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Author: Subject: help with sodium bisulphate synthesis
Magpie
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[*] posted on 7-4-2012 at 16:39


Quote: Originally posted by Magpie  

Dilute the acid first, very carefully, by adding the acid slowly to water, with stirring. Use an ice bath if necessary.


You could also dissolve the NaOH first, adding a bit at a time, in water with a lot of stirring. Use an ice-bath to keep the container cool. Then add the two components together, slowly, with cooling. By using an ice bath and going slowly you can keep the temperature under control. Use a thermometer as a stirring rod to regulate your addition rate. Use evaporation and patience to dry your NaHSO4 to a white powder - probably a hydrate.

Wear good gloves (at least mid-arm length) and eye protection (goggles as a minimum).

[Edited on 8-4-2012 by Magpie]




The single most important condition for a successful synthesis is good mixing - Nicodem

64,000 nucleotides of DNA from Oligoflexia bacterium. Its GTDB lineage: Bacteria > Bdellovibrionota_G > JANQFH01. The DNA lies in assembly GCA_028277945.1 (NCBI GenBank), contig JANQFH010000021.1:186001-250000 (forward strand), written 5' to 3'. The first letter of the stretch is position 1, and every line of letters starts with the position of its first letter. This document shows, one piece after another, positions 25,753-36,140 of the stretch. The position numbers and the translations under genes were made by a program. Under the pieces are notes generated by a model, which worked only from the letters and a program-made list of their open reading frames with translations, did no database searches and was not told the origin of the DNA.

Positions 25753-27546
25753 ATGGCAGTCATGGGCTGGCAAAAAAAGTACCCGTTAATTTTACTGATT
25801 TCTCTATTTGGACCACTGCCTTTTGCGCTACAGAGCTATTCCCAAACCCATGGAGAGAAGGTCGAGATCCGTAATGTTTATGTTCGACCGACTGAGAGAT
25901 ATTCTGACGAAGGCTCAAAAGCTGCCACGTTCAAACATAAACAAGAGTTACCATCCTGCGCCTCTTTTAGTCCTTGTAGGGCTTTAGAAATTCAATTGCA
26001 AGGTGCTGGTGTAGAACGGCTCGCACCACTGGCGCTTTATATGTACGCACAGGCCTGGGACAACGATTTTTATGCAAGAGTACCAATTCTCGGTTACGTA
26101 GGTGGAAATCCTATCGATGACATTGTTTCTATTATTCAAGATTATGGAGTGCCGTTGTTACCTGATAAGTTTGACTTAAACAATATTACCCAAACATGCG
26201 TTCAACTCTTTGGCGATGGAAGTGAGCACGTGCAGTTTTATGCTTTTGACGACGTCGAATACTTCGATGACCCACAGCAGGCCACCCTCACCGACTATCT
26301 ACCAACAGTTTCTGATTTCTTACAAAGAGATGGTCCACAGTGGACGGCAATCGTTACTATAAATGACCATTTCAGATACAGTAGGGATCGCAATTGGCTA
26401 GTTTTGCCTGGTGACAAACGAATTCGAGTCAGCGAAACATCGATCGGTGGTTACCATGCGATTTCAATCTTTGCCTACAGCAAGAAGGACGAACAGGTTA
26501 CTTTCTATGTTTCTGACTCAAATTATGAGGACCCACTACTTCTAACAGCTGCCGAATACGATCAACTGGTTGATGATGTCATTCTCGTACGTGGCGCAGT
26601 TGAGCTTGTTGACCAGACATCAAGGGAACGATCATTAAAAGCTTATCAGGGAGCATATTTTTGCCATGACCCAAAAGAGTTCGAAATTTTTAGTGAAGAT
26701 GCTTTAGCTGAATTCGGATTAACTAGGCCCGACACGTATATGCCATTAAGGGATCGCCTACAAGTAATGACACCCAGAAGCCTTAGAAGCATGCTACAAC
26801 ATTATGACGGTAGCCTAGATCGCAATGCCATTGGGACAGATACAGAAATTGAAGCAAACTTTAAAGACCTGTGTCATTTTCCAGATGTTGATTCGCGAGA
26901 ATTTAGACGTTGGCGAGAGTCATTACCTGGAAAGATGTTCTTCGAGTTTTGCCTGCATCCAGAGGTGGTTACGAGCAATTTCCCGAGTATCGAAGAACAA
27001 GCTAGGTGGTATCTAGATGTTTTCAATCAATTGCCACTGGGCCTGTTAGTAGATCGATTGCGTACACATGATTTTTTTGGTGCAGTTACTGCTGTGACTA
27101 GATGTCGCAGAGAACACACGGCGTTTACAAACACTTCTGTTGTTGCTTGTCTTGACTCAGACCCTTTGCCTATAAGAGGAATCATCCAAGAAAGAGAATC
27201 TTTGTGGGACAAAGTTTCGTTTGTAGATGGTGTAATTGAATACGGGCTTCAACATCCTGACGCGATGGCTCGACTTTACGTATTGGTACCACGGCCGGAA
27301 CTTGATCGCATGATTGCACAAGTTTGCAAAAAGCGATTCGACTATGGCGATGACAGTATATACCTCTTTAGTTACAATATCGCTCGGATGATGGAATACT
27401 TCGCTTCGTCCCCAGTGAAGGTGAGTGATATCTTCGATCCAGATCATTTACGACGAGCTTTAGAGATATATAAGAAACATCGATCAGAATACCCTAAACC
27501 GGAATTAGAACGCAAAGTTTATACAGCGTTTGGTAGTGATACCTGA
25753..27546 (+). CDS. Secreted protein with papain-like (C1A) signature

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CHRIS25
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[*] posted on 8-4-2012 at 02:40


Thanks Peach, doesn't diluting the acid change the g/mole calculations? Logic suggests not, after all there is still the same amount of acid in the reaction, but just to make sure.....? I might try the Sodium bicarbonate first to be honest, but caustic soda here works out 5 times cheaper than the bicarbonate.
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peach
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[*] posted on 8-4-2012 at 03:56


You can dilute them down fine yep. So long as you have the same amount of concentrated sulphuric and the same amount of NaOH there - as you say. That will be easier in terms of the heat and making sure they fully react, because (with enough water) it'll always be a solution. Whereas, doing it with concentrated reagents, the product (bisulphate monohydrate) is a solid at room temperature.

The only draw back (if you want the bisulphate on it's own as a solid) is having to remove all the water afterwards. The bisulphate will dissolve in it, so you need to warm it up and put a fan over it to dry it down to the monohydrate solid.

I would suggest you skip all that. You're going to make a pickling bath with it, which I would assume is made by dissolving the bisulphate in water. Rather than bothering to get the bisulphate as a solid, just keep it in solution. Provided you know how much is in there (by measuring in the sulphuric and NaOH), it's still the same thing.